Washington, 20 September 1996 (RFE/RL) -- The largest private international group of commercial banks and major investors says that a slump in exports to Western Europe is pushing the nations of Central and Eastern Europe into a current account deficit this year.
The Washington-based Institute of International Finance (IIF) says that weak economies in Germany and other major west European nations have cut forecast export growth for Eastern and Central Europe countries from last year's 11 percent to an expected 2 percent this year.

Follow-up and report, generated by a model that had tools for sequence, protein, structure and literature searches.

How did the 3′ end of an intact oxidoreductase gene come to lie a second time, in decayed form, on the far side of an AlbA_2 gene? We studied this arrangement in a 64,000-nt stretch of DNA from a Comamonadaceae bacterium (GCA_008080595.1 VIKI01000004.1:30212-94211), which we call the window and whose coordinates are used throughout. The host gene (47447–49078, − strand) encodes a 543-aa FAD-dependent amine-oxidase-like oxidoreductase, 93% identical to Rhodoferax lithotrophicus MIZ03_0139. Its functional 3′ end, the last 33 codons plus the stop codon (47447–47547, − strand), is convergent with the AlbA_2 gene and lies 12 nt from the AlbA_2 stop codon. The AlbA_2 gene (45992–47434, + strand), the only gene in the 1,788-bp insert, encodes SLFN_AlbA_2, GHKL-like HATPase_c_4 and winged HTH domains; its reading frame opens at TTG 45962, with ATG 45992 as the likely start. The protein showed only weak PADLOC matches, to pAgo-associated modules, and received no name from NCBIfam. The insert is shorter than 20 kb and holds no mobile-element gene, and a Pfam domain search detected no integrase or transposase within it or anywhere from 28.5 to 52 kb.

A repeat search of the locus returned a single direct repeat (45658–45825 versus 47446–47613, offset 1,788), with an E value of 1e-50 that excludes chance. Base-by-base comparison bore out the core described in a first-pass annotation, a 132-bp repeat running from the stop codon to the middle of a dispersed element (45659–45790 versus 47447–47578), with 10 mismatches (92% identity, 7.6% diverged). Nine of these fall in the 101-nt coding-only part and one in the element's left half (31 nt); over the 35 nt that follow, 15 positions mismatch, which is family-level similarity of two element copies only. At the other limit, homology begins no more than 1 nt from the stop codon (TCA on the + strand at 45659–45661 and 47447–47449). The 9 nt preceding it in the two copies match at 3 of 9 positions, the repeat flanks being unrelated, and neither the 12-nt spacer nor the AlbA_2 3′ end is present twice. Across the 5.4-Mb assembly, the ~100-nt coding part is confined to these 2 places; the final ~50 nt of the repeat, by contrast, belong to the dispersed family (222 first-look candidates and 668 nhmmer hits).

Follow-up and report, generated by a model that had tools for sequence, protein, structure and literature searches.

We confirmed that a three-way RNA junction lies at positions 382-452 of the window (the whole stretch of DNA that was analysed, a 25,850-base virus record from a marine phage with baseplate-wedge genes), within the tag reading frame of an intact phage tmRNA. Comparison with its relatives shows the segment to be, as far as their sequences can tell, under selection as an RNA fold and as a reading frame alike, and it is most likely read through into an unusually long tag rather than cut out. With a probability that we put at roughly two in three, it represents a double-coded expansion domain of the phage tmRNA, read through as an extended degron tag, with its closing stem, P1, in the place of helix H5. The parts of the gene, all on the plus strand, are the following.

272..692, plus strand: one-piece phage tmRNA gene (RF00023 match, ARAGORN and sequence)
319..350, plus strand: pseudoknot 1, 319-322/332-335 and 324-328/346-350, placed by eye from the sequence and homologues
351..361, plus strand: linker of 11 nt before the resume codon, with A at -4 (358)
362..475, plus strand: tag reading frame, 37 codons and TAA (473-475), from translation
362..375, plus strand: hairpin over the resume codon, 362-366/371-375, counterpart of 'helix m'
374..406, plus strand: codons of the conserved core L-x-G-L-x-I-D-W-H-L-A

The result, says the Institute, is that the current account of these nations -- the balance between the money flowing in and the money flowing out of a country, not counting investment -- is forecast to go from a surplus of $6.3 billion in 1995 to a deficit of $1 billion this year.
The managing director of the Institute, Charles Dallara, says the Czech Republic is having a particularly difficult time with shrinking exports and growing current account deficit, although Poland and Slovakia are also swinging from a surplus to a deficit.
Overall flows of investment into the region, according to the IIF, are down slightly this year, but will continue to grow in coming years. It projects direct and portfolio investment to these countries will be just over $10 billion this year, rising to $13.5 billion in 1997.